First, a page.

Over the next decades, campus policies on smoking periodically shifted, reflecting the current social climate. During the 1950s and 1960s, smoking was permitted in designated areas in various buildings, and for a trial period, in large seminar classrooms at the professor’s discretion.  By the 1970s, there was some student push back on the policies. They wanted a ban on smoking in classrooms, noting its bothersome nature and negative health effects. However, it would not be until the late 1980s and early 1990s, with the launch of a public national campaign highlighting the harmful effects of tobacco, that a serious movement would occur to curb smoking at UNCG.

In June 1990, following the recommendations put forth by the Health Promotion Committee, a new smoking policy was implemented across the campus.  It established a Smoking Regulation Committee, which was charged with reviewing and recommending which buildings would prohibit smoking. Some faculty members were disappointed that Chancellor William Moran did not issue a smoking ban across the entire campus and questioned if UNCG’s heavy financial ties to local tobacco companies, such Lorillard and R.J. Reynolds, had a factor in his reluctant stance

In March 1991, nine campus buildings were designated as “smoke-free,” including the Bryan, Curry, and McIver buildings, and by December, this number would grow to a total of sixteen. The University would eventually forbid smoking in all buildings, including residence halls. Finally, in August 2008, a new outdoor smoking policy was adopted that prohibited smoking within twenty-five feet of any campus building. Today, UNCG remains committed to helping curb tobacco use by students and faculty though their support of cession programs and services.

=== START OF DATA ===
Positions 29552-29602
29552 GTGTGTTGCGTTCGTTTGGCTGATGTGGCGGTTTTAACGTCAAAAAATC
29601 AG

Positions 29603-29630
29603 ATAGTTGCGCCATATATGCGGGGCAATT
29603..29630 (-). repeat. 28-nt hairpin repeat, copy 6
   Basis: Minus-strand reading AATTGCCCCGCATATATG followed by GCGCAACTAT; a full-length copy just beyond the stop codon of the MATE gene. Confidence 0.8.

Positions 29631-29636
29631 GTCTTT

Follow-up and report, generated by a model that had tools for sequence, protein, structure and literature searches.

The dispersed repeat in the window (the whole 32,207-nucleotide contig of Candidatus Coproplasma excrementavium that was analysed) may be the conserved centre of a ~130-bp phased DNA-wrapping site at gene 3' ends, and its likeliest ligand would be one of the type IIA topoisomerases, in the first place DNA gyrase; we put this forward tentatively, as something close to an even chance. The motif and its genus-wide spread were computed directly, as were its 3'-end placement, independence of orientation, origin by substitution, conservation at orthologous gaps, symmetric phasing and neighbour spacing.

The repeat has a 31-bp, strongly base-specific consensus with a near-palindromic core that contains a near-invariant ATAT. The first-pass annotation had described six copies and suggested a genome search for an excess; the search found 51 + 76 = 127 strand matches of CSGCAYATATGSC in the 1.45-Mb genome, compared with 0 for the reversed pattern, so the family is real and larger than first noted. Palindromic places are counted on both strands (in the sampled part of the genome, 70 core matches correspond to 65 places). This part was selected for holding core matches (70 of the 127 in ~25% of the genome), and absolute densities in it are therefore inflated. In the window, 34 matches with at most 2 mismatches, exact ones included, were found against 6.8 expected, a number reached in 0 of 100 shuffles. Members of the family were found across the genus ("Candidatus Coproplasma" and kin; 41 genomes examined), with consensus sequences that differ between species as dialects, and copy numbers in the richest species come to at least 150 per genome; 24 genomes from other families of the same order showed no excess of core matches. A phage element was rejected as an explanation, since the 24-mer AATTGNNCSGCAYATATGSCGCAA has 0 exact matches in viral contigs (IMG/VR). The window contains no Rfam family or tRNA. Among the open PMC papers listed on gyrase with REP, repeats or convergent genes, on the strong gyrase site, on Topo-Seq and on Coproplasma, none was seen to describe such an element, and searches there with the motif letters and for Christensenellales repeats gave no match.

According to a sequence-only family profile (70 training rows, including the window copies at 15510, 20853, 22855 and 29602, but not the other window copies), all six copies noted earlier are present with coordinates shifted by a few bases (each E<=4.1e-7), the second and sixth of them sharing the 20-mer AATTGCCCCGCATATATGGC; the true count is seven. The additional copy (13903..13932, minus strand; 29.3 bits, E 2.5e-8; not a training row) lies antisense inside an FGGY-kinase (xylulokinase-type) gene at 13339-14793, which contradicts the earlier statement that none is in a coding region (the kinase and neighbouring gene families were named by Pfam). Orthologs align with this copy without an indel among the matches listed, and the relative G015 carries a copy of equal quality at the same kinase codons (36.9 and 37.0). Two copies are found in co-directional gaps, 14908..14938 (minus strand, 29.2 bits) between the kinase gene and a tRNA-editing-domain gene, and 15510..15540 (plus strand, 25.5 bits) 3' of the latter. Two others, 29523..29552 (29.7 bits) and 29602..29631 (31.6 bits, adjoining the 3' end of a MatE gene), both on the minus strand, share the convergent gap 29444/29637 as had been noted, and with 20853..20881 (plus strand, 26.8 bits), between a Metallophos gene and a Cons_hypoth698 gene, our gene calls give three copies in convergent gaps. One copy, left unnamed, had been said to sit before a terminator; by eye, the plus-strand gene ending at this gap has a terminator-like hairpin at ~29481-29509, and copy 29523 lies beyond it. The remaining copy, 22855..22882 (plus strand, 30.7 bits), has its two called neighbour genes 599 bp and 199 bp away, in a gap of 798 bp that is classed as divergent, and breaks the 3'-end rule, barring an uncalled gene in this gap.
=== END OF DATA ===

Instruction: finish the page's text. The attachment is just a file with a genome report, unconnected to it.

Monday, August 5, 2019

A New Era for the Sciences at UNCG

For any thriving university, the quest for adequate classroom space and dormitory space is a constant challenge.  Indeed, the history of UNC Greensboro (UNCG) reveals an institution that has had periods of remarkable growth in its facilities to accommodate a growing student body as well as new academic programs.  In the 1990s, the University was facing a severe space crunch and a need to renovate some of its existing buildings.  In addition, UNC System administrators were forecasting a rapid growth in school age applicants in the coming decade. 

A 1997 review of UNC Greensboro campus documented the need for a robust expansion and renovation plan.  The report noted that the most pressing need was the construction of a new science building.  Drawing on these findings, the University’s administration and science faculty advocated for a new building that would meet the modern research needs of its cutting-edge faculty and the hands-on learning needs of its student body.  This post will examine how the Patricia A. Sullivan Science Building came to be built.

Prior to the 1997 facilities study, the UNCG’s science faculty had been discussing for nearly a decade their need for more classroom spaces, teaching laboratories, and new equipment to support modern research needs.  Science faculty pointed to many of the challenges of their current home in the Mary Macy Petty Building.  At the time of its construction in 1939, the Petty building and its labs were a model of advanced design.  Yet, by the 1990s, science faculty had a long list of complaints that included poor ventilation systems in the lab areas.